THE FU­TURE OF UR­BAN TRAVEL

Pre­pare to say farewell to traf­fic and travel times on the road in favour of wide, open skies and aerial views of the world be­low, writes Kate Pow­ell.

Signature Travel & Lifestyle - - Highflyer -

Fi­nally re­trieved from fan­tas­ti­cal vi­sions of the fu­ture, the fly­ing car is on its way to re­al­ity. Key in­flu­encers and air­craft car­ri­ers are rac­ing to bring the first sus­tain­able, ac­ces­si­ble and low-noise ve­hi­cle for ev­ery­day air travel to the world, with the new ver­ti­cal take-off and land­ing (VTOL) and short take-off and land­ing (STOL) tech­nolo­gies break­ing ground.

While some man­u­fac­tur­ers have fo­cused on the con­vert­ible car-to-plane con­cept – en­abling driv­ers to pri­vately own what is es­sen­tially a per­sonal mini­jet and mo­tor car – oth­ers are work­ing to­wards au­to­mated, self-pi­lot­ing jets that might travel from rooftop to rooftop, aban­don­ing roads com­pletely.

Many such con­cepts are the re­sult of rideshare mam­moth Uber’s an­nounce­ment that it will en­deav­our to op­er­ate a fly­ing taxi ser­vice in ma­jor cities by 2020, re­sult­ing in a fast­mov­ing sprint among tech­no­log­i­cal vi­sion­ar­ies to es­tab­lish them­selves as no­table play­ers in this land­mark event.

Part car, part plane In both STOL and VTOL, en­gi­neers also pri­ori­tise fac­tors such as speed, travel dis­tances and pas­sen­ger or pi­lot al­lowances. STOL rep­re­sents the more im­me­di­ately achiev­able and, although re­quir­ing a short run­way, is a fea­ture of some of the few con­cepts cur­rently of­fer­ing both mo­tor car and air travel ca­pa­bil­i­ties. One of the first is Samson Mo­tors, whose Switch­blade Fly­ing Sports Car trav­els at speeds of up to 200 kilo­me­tres per hour on the ground and is ex­pected to cost US$120,000 when it be­comes avail­able this year. More ef­fi­cient in en­ergy con­sump­tion than most he­li­copters or per­sonal drones, the AeroMo­bil 4.0 STOL is an­other such ve­hi­cle. Its aero­dy­namic, car­bon-com­pos­ite con­struc­tion de­liv­ers all the strength and per­for­mance of its fu­tur­is­tic de­sign, while the in­te­rior boasts stylish moder­nity in its in­te­gra­tion of struc­tural car­bon and fine leather. More than con­cep­tual, the 4.0 STOL is al­ready in ac­tion, with the com­pany plan­ning to pro­duce just 500 units val­ued at US$1.2 mil­lion each, avail­able in 2020.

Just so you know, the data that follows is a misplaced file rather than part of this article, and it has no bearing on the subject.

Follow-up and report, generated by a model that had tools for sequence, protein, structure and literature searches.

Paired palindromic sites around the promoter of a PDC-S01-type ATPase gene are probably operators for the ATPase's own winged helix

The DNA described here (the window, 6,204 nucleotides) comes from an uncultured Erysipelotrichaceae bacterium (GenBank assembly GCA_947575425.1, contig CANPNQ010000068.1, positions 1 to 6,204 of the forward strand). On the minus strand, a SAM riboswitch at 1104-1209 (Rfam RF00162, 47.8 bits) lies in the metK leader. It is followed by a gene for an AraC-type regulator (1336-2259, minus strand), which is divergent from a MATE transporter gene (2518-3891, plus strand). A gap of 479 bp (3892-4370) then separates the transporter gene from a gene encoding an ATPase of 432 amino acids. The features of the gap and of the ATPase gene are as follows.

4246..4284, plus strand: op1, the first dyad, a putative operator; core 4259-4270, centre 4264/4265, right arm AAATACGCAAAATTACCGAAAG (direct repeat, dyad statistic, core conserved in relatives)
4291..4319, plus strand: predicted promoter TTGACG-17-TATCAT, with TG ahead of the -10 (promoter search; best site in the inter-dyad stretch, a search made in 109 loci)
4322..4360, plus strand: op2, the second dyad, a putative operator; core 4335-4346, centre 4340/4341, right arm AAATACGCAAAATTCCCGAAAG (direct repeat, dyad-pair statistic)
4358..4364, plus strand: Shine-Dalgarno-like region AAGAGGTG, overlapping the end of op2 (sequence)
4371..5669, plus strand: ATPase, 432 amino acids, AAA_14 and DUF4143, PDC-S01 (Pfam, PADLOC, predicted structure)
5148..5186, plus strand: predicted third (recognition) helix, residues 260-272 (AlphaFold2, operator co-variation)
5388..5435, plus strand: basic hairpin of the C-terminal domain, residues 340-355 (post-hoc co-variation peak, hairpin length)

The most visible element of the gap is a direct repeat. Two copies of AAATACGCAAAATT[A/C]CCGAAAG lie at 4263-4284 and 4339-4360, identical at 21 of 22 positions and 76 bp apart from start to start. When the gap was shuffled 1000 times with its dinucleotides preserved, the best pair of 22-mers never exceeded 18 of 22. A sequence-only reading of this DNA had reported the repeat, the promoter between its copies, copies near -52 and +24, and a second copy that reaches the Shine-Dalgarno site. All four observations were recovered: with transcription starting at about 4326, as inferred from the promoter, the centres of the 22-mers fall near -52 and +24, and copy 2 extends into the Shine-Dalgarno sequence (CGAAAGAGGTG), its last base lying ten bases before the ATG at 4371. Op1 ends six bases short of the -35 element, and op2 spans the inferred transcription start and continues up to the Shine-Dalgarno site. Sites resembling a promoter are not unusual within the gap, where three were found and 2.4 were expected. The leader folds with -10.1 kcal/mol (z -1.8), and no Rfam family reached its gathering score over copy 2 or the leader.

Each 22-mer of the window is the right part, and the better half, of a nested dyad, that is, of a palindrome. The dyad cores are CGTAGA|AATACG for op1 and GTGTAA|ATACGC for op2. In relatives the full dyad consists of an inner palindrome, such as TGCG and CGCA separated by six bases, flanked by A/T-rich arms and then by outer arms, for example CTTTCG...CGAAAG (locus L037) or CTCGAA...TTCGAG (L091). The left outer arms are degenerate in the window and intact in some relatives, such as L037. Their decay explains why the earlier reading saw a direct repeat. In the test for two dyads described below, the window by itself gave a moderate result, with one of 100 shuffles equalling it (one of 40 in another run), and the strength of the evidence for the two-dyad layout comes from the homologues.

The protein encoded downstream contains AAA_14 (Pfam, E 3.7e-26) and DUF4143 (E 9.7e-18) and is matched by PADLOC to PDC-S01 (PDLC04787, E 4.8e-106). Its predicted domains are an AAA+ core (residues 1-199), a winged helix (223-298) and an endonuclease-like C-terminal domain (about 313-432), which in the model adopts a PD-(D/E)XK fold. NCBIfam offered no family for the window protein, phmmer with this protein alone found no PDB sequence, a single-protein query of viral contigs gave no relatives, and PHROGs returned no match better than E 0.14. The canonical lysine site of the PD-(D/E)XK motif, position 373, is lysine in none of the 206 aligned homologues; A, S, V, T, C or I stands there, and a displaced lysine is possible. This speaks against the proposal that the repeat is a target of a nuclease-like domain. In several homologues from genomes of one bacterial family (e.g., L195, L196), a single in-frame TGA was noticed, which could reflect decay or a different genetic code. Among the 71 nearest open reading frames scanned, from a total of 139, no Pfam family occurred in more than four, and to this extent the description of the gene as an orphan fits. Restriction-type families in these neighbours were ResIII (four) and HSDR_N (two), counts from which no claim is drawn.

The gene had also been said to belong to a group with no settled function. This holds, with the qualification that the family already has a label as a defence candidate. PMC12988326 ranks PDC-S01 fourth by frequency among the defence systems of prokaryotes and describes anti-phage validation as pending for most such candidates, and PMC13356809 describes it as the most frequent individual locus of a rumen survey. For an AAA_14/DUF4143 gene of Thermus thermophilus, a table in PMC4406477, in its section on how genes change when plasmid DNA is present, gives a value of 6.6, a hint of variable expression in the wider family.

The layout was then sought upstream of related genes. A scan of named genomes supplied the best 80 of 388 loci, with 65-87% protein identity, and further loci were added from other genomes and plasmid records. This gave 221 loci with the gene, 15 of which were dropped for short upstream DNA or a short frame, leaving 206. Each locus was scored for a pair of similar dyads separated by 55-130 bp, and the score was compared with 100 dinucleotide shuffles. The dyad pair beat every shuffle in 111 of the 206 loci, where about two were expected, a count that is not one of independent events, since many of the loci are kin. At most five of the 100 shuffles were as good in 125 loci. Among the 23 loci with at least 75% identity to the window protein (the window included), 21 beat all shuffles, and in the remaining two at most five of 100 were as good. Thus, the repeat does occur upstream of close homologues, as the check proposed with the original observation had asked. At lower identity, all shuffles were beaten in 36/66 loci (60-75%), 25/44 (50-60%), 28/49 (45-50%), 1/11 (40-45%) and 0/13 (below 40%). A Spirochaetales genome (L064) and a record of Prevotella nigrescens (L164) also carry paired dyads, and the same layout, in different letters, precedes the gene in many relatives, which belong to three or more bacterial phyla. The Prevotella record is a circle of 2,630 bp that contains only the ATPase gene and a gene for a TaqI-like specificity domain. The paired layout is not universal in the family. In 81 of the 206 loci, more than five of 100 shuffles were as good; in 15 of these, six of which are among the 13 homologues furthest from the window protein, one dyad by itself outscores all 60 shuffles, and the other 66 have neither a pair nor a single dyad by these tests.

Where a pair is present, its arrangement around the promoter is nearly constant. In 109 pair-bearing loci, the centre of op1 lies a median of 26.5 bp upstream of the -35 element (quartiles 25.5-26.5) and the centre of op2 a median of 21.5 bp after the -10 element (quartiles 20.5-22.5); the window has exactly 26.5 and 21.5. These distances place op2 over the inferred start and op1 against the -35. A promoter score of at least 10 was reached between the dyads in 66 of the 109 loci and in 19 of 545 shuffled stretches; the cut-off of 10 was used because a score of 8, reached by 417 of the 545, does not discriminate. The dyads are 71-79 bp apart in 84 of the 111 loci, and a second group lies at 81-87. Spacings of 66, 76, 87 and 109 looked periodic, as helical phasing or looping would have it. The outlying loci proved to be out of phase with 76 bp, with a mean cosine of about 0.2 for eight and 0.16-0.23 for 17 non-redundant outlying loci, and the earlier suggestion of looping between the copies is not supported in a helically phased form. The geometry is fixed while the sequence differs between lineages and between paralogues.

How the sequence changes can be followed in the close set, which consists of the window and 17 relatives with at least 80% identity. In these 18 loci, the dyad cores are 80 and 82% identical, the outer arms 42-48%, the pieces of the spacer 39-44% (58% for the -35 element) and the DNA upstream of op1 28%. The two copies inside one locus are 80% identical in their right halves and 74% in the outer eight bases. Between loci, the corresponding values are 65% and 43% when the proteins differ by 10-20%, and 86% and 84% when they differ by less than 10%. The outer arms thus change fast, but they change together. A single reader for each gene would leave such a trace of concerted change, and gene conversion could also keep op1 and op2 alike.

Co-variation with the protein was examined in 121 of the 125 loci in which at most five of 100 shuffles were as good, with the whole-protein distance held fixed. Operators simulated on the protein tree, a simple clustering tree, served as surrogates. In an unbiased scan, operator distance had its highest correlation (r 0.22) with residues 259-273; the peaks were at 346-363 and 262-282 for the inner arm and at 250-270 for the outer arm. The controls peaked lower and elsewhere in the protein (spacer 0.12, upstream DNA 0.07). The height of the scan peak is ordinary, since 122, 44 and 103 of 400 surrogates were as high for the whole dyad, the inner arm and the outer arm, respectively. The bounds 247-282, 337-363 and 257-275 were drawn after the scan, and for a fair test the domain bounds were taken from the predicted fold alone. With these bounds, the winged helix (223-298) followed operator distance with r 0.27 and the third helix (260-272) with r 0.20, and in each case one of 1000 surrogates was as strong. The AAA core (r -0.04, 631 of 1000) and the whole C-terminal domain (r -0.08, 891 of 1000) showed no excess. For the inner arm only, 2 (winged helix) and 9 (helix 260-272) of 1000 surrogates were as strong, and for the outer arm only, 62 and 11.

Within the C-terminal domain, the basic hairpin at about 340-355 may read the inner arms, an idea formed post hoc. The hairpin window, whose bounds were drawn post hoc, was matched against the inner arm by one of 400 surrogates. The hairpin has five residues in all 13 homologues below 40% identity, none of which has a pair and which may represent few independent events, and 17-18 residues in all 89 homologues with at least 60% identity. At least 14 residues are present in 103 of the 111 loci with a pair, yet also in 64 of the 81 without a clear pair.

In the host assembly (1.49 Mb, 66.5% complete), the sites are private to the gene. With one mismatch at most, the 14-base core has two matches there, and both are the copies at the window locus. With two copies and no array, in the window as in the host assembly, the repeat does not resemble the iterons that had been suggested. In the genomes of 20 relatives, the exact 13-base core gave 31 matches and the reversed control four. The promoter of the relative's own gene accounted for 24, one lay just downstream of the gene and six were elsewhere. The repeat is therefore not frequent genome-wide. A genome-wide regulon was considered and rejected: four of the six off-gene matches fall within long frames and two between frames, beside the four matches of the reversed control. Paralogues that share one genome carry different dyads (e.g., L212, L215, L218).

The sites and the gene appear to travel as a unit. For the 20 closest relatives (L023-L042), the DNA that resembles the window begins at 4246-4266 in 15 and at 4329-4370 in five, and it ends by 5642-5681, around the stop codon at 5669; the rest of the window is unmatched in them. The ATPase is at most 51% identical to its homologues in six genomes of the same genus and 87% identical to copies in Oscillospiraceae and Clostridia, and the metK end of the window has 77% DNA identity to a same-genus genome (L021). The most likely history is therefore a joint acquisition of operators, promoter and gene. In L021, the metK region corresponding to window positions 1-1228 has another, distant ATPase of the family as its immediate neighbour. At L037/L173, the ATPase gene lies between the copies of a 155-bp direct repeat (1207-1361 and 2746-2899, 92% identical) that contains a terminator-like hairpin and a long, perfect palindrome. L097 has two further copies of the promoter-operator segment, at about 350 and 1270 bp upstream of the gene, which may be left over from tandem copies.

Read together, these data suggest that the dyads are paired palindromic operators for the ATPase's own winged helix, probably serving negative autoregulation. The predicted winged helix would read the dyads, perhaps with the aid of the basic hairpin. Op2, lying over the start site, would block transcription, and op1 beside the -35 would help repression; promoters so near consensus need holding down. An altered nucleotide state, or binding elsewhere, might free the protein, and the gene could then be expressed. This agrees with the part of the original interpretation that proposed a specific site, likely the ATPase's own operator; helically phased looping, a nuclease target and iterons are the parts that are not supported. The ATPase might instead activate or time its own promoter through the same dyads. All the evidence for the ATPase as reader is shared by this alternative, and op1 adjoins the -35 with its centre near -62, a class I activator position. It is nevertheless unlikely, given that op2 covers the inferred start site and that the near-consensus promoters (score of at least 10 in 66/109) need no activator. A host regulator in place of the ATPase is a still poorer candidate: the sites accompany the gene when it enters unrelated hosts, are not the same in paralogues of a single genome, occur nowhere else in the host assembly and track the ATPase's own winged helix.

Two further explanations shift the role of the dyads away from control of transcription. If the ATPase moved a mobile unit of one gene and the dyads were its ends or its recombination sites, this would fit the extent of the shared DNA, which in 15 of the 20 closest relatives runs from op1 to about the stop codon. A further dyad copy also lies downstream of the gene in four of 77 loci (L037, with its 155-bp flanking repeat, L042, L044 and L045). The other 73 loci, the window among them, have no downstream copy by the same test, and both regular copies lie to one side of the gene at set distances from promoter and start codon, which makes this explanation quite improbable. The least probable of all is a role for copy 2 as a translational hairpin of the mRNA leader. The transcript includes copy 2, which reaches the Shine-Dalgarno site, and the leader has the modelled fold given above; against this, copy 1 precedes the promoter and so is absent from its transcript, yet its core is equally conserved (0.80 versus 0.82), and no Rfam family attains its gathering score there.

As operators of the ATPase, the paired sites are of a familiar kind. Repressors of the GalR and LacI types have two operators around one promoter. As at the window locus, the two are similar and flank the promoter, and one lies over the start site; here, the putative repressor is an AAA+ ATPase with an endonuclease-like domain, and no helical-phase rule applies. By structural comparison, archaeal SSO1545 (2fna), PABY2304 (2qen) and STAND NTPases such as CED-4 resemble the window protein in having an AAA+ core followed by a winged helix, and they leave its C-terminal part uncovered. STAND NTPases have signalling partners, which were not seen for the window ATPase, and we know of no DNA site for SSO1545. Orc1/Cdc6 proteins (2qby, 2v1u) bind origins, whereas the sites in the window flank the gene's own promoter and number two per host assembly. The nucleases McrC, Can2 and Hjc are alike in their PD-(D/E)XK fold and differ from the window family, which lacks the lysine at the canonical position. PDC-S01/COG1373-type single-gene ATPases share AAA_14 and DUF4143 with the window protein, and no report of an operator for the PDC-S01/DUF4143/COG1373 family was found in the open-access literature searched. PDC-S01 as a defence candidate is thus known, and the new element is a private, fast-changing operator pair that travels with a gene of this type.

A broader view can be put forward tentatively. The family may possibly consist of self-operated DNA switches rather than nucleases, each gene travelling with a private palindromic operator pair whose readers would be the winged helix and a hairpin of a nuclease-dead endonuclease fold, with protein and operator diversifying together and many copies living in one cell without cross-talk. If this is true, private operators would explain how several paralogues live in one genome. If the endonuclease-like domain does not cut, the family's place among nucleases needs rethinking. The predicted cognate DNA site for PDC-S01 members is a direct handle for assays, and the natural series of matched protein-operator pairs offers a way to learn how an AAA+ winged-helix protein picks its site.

VTOL takes off How­ever, STOL is rapidly mak­ing way for game-changing VTOL tech­nolo­gies as ver­ti­cal take-off aban­dons the need for a run­way and cre­ates the pos­si­bil­ity of pas­sen­ger take-off from ur­ban rooftops. AeroMo­bil has it­self al­ready un­veiled the con­cept for its VTOL en­deav­our, the 5.0 VTOL, which will be an elec­tric four-seater fly­ing taxi rep­re­sent­ing the first and only VTOL to also drive on the road. It is ex­pected to travel up to 700 kilo­me­tres in a sin­gle journey, and is an­tic­i­pated to be avail­able in the next seven to 10 years.

Although lack­ing this trans­for­ma­tive abil­ity be­tween road and flight, other bud­ding VTOL craft en­vi­sioned to travel ex­clu­sively by air of­fer some ad­van­tages of their own. With nearly 50 years of ex­pe­ri­ence build­ing air­craft, Air­bus’ con­tri­bu­tion to fly­ing cars has per­haps been a defining event in the con­cept’s con­crete fu­ture. The A3 by Air­bus’ Va­hana is all-elec­tric and self­pi­loted, and an­nounced the suc­cess­ful com­ple­tion of its first full-scale flight test ear­lier this year. Google co­founder Larry Page has also staked a claim in the fu­ture of per­sonal mo­bil­ity in Kitty Hawk’s elec­tric VTOL, Cora, which is set to be fully au­ton­o­mous and seat two pas­sen­gers. Elec­tri­cally pow­ered, Cora trav­els at up to 150 kilo­me­tres per hour and has a range of ap­prox­i­mately 100 kilo­me­tres on a sin­gle charge.

How­ever, these im­pres­sive air­craft may be over­shad­owed by the Lil­ium Jet, su­pe­rior for those seek­ing trans­port that pri­ori­tises speed or pas­sen­ger al­lowance. It boasts a 300-kilo­me­tre range and, at 300 kilo­me­tres per hour, flies at the speed of a For­mula One car car­ry­ing up to five pas­sen­gers. Its tech­nol­ogy makes less noise than a motorbike and has al­lowed the air­craft to la­bel it­self as com­pletely emis­sion-free. These con­cepts are in­tended to be avail­able through pub­lic fly­ing taxi ser­vices, rather than as pri­vately owned ve­hi­cles.

Which­ever con­cept one might pre­fer, the race is sure to be a mile­stone in the realm of tech­no­log­i­cal evo­lu­tion, fi­nally rep­re­sent­ing an en­vi­ron­men­tally sus­tain­able, pri­vate trans­port con­cept that sac­ri­fices noth­ing in style, el­e­gance and com­fort.

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